Mookie Betts | 2015 Fantasy Baseball Sleeper

Coming up with a list of potential sleepers each year can be done in a number of ways but I choose to use statistical benchmarks that I’ve set based on my research to generate my list of Narco sleepers each year. Those benchmarks highlight a player as a potential sleeper but it still requires a bit of extra analysis to see whether those players will truly be worth the investment. The benchmarks are merely the first step. The first player we’ll analyze for 2015 to see how truly “sleepy” they are is Mookie Betts (BOS, OF).

Why He’s Here

Mookie Betts was drafted in the 5th round out of high school back in 2011. While he wasn’t initially at the top of many prospect lists, he started proving his worth with a breakout year in 2013 and shooting up those rankings. Mostly in Single-A ball that year, he hit .324 with 16 HR and 44 SB. Proving that it wasn’t a fluke, he continued that trend in 2014 in both Double-A and Triple-A ball. Those strong performances at every level quickly led to his MLB promotion at the young age of 21. When all was said and done, he hit .328 with 16 HR and 39 SB during his various stints in 2014.

 

Age ’15 ADP ’14 AB ’14 AVG ’14 xAVG ’14 HR ’14 SB ’14 R ’14 RBI
22 123 189 .291 .274 5 7 34 18

Betts is the type of player who has a high ceiling of potential as a leadoff hitter. In such a role, you could easily see him eclipse 100 Runs with 30+ SB plus a decent mix of power and average too. What’s not to like about that? For that reason, he’s on sleeper lists such as this.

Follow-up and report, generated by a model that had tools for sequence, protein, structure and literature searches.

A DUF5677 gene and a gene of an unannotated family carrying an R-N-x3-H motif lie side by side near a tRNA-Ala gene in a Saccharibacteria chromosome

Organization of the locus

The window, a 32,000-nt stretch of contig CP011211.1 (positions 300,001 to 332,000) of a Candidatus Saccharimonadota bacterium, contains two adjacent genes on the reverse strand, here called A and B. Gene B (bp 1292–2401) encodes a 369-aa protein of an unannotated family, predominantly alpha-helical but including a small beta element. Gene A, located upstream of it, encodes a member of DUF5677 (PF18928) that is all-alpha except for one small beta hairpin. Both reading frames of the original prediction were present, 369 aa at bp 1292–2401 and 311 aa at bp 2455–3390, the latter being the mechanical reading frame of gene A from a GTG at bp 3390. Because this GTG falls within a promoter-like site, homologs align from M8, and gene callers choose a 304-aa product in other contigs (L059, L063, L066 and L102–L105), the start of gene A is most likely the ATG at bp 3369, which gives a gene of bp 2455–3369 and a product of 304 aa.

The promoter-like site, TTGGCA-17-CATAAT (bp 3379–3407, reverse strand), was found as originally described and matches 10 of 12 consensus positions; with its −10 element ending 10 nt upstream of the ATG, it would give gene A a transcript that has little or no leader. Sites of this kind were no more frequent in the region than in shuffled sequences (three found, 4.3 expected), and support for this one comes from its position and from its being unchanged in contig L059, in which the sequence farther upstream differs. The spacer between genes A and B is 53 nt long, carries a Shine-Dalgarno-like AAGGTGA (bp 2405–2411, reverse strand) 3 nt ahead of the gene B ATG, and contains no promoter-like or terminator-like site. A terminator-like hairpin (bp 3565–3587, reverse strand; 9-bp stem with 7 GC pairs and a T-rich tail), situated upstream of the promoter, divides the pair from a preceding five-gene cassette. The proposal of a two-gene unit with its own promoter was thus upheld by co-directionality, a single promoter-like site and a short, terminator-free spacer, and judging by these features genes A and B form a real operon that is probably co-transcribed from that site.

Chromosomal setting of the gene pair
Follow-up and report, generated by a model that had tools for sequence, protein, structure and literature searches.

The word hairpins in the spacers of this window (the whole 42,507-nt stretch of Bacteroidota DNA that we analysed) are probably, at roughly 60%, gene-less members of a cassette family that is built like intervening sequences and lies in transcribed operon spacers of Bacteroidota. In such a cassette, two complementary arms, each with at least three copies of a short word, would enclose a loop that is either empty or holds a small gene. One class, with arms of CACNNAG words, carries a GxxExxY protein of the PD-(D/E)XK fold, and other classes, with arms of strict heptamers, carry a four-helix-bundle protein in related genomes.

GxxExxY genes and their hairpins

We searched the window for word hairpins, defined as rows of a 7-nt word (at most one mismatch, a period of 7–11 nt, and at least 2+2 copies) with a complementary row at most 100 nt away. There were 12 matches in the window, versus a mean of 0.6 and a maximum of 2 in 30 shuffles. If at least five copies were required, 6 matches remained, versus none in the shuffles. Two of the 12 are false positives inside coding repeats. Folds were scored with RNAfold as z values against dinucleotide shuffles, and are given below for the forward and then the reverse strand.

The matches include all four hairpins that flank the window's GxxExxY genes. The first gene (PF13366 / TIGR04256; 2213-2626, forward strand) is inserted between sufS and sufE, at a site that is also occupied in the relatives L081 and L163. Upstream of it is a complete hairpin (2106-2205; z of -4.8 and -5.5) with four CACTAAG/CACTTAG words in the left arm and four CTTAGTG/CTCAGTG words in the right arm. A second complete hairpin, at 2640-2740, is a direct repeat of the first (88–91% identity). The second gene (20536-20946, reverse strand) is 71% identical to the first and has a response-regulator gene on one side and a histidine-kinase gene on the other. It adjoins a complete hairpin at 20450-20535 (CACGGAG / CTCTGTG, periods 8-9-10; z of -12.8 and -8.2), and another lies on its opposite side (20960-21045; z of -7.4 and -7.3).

Why He Might Fail

The biggest reason why he might not be worth a draft pick in the middle rounds of your drafts this year is because, well, he might not make the field. While it seemed like he would be in the Boston outfield in 2015, they then made moves to acquire Hanley Ramirez and Allen Craig and Rusney Castillo (while already having Shane Victorino) so it’s suddenly no longer a sure thing that Betts will be getting playing time this year in the majors. At 22, they don’t need to rush him so maybe they’ll let their new outfield pieces work their magic for a year or two while Betts gets more seasoning in the minors. If that’s the case then you’re sitting there with an expensive waste of a draft pick.

The other worry is that he does earn a starting job but slumps for a couple of weeks. If that’s the case, they have so much depth that they can easily just pull the plug on that experiment and demote him. They aren’t forced to stick with him.

Aside from playing time, there are a few other concerns. His batting average was pretty amazing in both the minors and the majors but his xAVG indicates that he might be due for a bit of drop there. Also, in the majors, we saw his success rate for stolen bases drop a bit (70% versus 85% in the minors) so there could be a chance that he’s held back a bit in the majors and won’t get the chance to steal 40+ bases at this level (the Red Sox had among the least amount of SB attempts in the league last year so stealing a lot may not be in their gameplan).

Why He Might Come Through

Projection systems can be somewhat pessimistic about younger players sometimes but even ZiPS projects Betts for 13 HR, 30 SB and 88 Runs in 2015 which certainly seems legitimate and achievable for Mookie. He’s a young player that had a quick ascent to the majors and is seemingly getting better every year very quickly.

The main concern noted above was playing time but there’s reason to be optimistic here. First, he’s already been getting a taste of batting leadoff in Spring Training games this year and that’s a good sign. If he can maintain that spot then he’s due for a huge number of plate appearances and that’s great for his counting stats. Secondly, beyond the stats related to fantasy baseball, he’s shown great plate discipline and defensive skills and those are huge factors for someone fighting to get a starting spot on a team. Even if he may struggle offensively, he’s shown he can earn his keep with his defense and his eye. The Red Sox will value that and find a way to get him in the lineup.